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Friday, 25 January 2013

The Thin White Dude's Reviews - Argo

Directed by: Ben Affleck

Produced by: Ben Affleck
George Clooney
Grant Heslov

Screenplay by: Chris Terrio

Based on: The Master of Disguise by Antonio J. Mendez

Escape From Tehran by Joshuah Bearman

Starring: Ben Affleck
Bryan Cranston
Alan Arkin
John Goodman

Music by: Alexandre Desplat

Cinematography by: Rodrigo Prieto

Editing by: William Goldenberg

Studio(s): GK Films
Smokehouse Pictures

Distributed by: Warner Bros.

Release date(s): August 31, 2012 (Telluride Film Festival)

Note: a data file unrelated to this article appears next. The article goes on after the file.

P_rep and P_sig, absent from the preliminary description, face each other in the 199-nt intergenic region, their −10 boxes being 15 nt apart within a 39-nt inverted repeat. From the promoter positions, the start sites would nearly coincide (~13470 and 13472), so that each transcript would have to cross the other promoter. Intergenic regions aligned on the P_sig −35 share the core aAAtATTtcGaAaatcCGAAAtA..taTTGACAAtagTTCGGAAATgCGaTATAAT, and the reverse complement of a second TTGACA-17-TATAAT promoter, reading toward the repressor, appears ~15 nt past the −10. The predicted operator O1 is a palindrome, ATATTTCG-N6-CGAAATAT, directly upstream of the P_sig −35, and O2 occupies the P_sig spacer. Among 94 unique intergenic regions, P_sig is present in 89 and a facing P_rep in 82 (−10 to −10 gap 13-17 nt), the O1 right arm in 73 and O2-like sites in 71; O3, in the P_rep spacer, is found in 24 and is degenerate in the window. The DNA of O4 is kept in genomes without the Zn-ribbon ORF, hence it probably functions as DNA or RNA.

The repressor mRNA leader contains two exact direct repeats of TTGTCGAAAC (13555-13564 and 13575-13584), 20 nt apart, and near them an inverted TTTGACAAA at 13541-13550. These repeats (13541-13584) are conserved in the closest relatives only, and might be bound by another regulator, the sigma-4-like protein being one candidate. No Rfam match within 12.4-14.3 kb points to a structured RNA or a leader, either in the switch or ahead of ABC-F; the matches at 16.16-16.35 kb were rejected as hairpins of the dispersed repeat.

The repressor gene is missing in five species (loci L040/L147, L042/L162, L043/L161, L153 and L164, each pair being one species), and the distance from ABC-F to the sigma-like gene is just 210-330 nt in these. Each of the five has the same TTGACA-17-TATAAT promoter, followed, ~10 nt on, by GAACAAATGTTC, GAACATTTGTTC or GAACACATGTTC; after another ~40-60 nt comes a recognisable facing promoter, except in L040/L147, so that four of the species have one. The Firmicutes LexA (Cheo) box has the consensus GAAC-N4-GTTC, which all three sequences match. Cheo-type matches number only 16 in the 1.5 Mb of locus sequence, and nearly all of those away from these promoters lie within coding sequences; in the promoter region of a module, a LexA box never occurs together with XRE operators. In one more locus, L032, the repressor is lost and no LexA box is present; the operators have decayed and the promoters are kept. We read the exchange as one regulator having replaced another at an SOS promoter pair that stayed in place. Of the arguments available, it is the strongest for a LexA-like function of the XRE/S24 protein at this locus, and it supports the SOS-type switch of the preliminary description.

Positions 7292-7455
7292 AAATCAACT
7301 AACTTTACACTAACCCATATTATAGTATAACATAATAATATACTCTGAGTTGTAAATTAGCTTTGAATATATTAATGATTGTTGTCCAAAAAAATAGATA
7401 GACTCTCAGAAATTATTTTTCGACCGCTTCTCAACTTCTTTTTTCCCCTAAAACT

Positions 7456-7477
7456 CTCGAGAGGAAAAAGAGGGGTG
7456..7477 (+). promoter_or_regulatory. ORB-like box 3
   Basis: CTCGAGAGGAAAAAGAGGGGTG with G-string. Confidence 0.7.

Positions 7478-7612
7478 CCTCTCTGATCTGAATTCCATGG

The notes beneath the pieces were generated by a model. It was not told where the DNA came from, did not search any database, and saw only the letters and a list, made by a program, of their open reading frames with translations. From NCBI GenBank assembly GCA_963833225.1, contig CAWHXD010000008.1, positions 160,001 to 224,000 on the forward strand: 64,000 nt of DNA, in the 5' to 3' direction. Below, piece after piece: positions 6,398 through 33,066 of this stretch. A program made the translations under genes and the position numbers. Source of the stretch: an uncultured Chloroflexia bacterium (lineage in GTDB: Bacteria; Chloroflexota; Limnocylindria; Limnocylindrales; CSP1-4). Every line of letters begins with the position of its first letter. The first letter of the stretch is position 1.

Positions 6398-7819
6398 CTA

October 12, 2012 (United States)
November 7, 2012 (United Kingdom)

Running time: 120 minutes

Country: United States

Language: English

Production budget: $44.5 million

Box office revenue (as of publication): $187, 085, 011

Alright folks, I'm banging on ahead with this. What with us being right in the middle of the awards season, I do have my work cut out for me. I've got this and Hara-Kiri: Death Of A Samurai left before I get into my capsule reviews, among which will be the films (I've seen so far) Cockneys Vs Zombies, Jack Reacher and Django Unchained, the review for the latter of which I'll try not to mention The Emperor's New Clothes (oops! Hey, it's not the review!). So, for the upcoming capsule reviews, an article on the Oscars, another on the increasing running time in movies and my inductions into The Thin White Dude's Hall Of Fame, keep your eyes posted!